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4 innovations—including stronger gene-editing skills—that would allow us to rewrite genomes from the ground up

| | October 31, 2019

The ability to read genomes has transformed our understanding of biology. Being able to write them would give us unprecedented control over the fabric of life.

Here are the four areas where we need to step up our game.

[Genome Design:] Large-scale genome design will require computer programs that can do this accurately and efficiently.


[DNA Synthesis:] Large-scale genome engineering will require much faster, cheaper, and more efficient methods for DNA assembly. One nearer-term possibility is designing new enzymes that can reduce the number of errors.

[Genome Editing:] While our gene-editing prowess has come a long way, we still struggle to make widespread changes to a genome simultaneously. If we could develop this capability, it could significantly decrease the amount of time it takes to modify organisms.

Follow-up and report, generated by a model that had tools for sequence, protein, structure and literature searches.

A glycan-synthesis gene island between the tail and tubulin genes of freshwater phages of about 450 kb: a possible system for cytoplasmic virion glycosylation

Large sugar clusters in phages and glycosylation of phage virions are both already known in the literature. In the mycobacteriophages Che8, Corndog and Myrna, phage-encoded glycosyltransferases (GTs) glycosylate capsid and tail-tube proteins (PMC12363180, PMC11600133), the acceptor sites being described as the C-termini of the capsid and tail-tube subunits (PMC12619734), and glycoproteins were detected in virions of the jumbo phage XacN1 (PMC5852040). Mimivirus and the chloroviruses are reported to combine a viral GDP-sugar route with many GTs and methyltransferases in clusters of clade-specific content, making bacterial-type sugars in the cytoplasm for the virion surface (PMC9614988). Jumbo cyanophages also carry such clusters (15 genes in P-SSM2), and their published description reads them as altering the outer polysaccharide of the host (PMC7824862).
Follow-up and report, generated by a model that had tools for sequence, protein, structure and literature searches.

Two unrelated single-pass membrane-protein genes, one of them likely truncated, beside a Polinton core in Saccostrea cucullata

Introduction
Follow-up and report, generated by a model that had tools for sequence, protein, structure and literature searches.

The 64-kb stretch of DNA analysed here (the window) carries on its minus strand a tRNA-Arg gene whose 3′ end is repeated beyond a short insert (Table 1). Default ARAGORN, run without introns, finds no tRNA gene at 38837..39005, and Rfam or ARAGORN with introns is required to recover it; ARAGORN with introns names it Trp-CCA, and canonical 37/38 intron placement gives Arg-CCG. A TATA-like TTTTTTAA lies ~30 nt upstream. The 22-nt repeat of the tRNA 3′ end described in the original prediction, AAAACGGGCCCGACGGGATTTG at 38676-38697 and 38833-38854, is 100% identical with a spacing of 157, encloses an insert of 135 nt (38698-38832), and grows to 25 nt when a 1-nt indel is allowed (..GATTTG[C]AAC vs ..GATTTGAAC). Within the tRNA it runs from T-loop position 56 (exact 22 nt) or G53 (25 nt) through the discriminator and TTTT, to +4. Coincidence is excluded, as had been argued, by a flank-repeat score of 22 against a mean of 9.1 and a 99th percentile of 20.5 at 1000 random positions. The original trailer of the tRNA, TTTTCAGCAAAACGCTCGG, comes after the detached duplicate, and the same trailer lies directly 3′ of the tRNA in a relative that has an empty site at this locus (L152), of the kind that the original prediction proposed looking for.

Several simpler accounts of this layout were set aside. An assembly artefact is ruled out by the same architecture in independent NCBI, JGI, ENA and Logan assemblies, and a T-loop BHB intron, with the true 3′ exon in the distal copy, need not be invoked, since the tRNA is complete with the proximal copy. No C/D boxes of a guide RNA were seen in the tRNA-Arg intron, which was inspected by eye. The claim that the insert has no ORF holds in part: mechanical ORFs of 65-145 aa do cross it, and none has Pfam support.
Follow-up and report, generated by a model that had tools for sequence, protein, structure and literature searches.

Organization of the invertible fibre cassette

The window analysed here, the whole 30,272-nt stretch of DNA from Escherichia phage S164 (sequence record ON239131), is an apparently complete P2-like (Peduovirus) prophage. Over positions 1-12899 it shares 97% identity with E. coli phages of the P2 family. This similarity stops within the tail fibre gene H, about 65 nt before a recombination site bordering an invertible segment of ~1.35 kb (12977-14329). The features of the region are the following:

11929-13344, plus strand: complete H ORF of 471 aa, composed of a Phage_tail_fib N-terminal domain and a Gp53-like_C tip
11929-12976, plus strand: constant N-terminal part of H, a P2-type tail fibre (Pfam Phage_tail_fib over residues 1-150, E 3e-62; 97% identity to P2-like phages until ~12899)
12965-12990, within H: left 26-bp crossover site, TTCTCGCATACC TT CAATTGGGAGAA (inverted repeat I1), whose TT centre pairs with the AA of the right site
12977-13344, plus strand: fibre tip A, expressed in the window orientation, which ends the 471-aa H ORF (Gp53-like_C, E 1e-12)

Related article:  Cloning tool spots 'foreign DNA,' minimizes off-target changes with CRISPR gene editing

[Chromosome Construction:] Most efforts so far have relied on yeast to do this for us, and it has been able to deal with viral, bacterial, yeast, and algal chromosomes, as well as fragments of mice and human genomes. But engineering more specialized artificial chromosomes looks to be beyond yeast, so we need to find newer, more flexible organisms that can do this.

Read full, original post: With These 4 Breakthroughs, We’ll Be Able to Write Whole Genomes From Scratch

The GLP aggregated and excerpted this article to reflect the diversity of news, opinion, and analysis. Click the link above to read the full, original article.
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